revealed on Thursday that it will sell its Quicken business to H.I.G. Capital, a private equity firm.
The back-office business software company has been looking for a buyer for the unit since August.
Quicken first rose to prominence in the mid-1980s as a tool for individuals to manage their finances. At the time (and this is the MS-DOS era we’re talking about) there were myriad software tools for the task. Quicken proved to be among the simplest. Over time it became a family of personal finance products—first tailored to the boxed software era; more recently to the cloud computing one.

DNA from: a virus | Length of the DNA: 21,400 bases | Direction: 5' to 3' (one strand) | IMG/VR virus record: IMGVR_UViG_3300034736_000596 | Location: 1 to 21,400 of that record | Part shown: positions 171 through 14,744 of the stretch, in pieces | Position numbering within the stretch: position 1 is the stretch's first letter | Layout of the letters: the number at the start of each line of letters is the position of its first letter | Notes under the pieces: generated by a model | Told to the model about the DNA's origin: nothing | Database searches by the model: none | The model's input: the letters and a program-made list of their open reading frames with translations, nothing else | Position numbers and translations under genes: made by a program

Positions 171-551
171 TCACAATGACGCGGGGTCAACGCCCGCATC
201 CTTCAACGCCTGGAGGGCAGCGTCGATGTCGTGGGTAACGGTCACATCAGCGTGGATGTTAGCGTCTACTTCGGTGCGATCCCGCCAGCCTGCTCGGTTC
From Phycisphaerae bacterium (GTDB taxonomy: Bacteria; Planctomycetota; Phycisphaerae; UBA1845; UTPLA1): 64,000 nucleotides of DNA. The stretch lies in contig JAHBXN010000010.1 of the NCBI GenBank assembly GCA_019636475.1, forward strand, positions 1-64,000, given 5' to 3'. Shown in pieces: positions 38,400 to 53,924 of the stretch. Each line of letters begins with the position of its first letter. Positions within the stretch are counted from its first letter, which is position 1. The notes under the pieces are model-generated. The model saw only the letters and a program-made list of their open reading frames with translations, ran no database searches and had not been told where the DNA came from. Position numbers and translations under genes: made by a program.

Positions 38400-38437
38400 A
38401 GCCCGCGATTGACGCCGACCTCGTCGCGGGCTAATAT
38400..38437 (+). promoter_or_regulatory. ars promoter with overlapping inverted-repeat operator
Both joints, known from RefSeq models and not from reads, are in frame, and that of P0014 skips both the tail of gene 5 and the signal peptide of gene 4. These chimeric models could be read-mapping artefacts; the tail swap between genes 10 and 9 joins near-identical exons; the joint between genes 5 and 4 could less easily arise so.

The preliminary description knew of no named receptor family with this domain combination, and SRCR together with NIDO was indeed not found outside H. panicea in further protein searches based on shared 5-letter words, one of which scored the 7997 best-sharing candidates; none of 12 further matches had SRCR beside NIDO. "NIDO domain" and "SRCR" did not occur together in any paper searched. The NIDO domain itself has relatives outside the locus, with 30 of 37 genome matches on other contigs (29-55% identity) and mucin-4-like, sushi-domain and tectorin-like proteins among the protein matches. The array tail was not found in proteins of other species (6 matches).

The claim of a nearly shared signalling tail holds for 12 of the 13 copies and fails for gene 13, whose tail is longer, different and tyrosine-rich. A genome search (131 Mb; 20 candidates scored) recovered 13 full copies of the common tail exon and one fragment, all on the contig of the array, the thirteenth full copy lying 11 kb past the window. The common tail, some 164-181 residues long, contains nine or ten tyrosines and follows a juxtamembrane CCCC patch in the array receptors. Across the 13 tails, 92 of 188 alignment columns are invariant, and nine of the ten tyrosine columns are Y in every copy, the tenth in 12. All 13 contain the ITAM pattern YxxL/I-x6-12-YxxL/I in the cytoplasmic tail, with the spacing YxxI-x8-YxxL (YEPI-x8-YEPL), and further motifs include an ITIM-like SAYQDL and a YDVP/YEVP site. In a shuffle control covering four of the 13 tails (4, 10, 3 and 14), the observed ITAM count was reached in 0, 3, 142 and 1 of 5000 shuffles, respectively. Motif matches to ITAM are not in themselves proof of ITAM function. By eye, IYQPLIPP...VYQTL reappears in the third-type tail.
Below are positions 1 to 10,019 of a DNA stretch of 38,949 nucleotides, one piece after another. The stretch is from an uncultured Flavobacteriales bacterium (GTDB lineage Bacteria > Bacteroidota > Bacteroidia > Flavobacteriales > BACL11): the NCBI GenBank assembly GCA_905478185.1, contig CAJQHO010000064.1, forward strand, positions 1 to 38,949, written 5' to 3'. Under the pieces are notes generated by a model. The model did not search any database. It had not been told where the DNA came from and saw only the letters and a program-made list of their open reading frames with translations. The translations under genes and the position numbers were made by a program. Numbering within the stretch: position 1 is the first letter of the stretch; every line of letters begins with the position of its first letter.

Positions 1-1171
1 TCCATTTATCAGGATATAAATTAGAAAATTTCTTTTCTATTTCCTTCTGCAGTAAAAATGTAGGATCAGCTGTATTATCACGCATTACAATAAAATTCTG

But the brand had fallen on more difficult times in recent years as nimbler, simpler startups rose up to challenge it.
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Eric Dunn, head of the Quicken business, wrote in a blog post that H.I.G. Capital wants to turn that around.
“They are confident, as am I, that Quicken will thrive with increased investment, leading to product improvements and advances that will allow Quicken to continue to serve you well for decades to come,” Dunn wrote. “Looking ahead, I am excited that I will be working with them as the future owners of the Quicken business—and, as a significant personal investor in the transaction, as a part-owner myself.”
He added: “We all know that Quicken can use a little T.L.C.—tender loving care.”
Dunn said Quicken continues to roll out its 2016 products and invest in its U.S.-based phone support.